I personally use a very simple equation – the person who asks for reforms should first pay the price himself before asking others to pay. And in today’s scenario, the man in the street needs to see that everyone is paying the price and it is not only him. Here, we come down to issues such as transparency and disclosures, as all of these issues have become a part and parcel of the way we deal with each other.
For example, there are rich people who can afford to buy things from London and Paris – they pay VAT there and come back. But the ones who cannot buy things from abroad have to buy them locally, where they are going to be charged VAT in the coming months – so the poor are paying the VAT, not the rich.
Can you provide a short-term economic outlook for the region? What do you think is the immediate economic challenge?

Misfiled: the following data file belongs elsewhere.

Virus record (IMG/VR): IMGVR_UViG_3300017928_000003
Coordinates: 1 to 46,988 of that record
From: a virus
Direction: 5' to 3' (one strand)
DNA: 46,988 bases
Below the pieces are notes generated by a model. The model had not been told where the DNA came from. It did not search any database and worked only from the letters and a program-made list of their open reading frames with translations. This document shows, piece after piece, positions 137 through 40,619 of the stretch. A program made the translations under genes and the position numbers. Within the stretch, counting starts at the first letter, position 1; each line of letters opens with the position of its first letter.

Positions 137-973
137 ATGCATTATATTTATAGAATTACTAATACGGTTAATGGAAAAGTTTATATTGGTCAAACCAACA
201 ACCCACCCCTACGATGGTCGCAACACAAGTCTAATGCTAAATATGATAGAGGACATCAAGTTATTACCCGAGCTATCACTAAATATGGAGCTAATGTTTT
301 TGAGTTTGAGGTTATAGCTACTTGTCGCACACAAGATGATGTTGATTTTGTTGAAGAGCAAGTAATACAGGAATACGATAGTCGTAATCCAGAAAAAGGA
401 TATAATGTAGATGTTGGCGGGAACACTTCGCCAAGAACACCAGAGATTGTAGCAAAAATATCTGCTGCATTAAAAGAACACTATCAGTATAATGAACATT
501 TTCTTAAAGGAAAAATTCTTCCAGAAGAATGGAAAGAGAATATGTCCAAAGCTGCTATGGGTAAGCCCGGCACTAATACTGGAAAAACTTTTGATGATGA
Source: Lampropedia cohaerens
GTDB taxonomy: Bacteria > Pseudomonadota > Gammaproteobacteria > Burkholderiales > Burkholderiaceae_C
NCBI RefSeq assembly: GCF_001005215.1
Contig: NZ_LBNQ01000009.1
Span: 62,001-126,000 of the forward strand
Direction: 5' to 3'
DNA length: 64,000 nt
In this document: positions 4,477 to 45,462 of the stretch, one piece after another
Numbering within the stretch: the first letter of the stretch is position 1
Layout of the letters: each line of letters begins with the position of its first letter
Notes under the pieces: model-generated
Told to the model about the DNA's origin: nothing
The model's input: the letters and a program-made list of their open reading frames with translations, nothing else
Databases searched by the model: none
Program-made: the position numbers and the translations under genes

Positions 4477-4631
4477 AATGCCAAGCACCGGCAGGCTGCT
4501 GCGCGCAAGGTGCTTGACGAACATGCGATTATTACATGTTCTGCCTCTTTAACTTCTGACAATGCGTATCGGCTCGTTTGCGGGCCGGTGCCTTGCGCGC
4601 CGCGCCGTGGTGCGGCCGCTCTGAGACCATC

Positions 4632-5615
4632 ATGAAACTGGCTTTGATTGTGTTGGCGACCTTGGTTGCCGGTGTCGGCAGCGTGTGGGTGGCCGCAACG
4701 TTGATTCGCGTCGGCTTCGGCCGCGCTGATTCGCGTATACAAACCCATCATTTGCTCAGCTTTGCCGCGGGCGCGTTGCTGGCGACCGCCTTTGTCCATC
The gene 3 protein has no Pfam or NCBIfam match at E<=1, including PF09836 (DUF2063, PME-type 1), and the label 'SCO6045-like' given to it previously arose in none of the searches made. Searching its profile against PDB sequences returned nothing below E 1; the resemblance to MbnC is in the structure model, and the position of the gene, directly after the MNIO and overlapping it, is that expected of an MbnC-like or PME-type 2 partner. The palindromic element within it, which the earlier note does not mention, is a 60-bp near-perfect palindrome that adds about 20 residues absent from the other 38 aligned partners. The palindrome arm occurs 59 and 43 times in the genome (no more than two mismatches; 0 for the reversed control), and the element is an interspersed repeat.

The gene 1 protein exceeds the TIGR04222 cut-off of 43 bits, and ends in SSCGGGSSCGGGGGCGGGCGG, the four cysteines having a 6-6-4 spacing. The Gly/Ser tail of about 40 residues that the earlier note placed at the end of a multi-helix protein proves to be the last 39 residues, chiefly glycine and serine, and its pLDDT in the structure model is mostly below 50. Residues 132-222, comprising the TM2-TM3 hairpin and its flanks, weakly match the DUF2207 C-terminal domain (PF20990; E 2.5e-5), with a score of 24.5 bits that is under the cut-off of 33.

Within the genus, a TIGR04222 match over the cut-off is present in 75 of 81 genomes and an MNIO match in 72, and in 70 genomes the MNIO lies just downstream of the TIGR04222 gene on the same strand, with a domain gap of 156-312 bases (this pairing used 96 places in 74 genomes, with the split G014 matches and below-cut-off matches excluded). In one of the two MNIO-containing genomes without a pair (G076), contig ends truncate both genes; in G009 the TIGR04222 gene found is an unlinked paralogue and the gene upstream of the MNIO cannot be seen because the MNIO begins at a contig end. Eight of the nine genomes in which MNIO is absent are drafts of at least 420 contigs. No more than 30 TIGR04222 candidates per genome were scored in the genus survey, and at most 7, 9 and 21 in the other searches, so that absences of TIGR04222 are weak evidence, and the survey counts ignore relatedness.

The economic outlook for the MENA region, as a whole, is poor. Potential economic growth that we are talking about is pegged at approximately only two to three percent, against the required mark of seven percent. I think one of the biggest economic challenges is our oil dependency.
Saudi is saying that, by 2020, they are not going to rely on oil but that is a very big challenge. However, it is doable and we all hope this can be done.
In the past, regional economies used to have a surplus of more than ten percent (on average) on the budget, whereas, currently, they are running a fiscal deficit of just under ten percent. So, earlier, we used to have a budget surplus, but now we have deficit.
Another problem is that we are still pegging our currencies to the dollar, so we are being hit from two sides – if on one side, our budget reserve is used to cover deficits, then, on the other, it is used to maintain the issue of pegging our currency to the dollar. So we are eating into our reserves big time.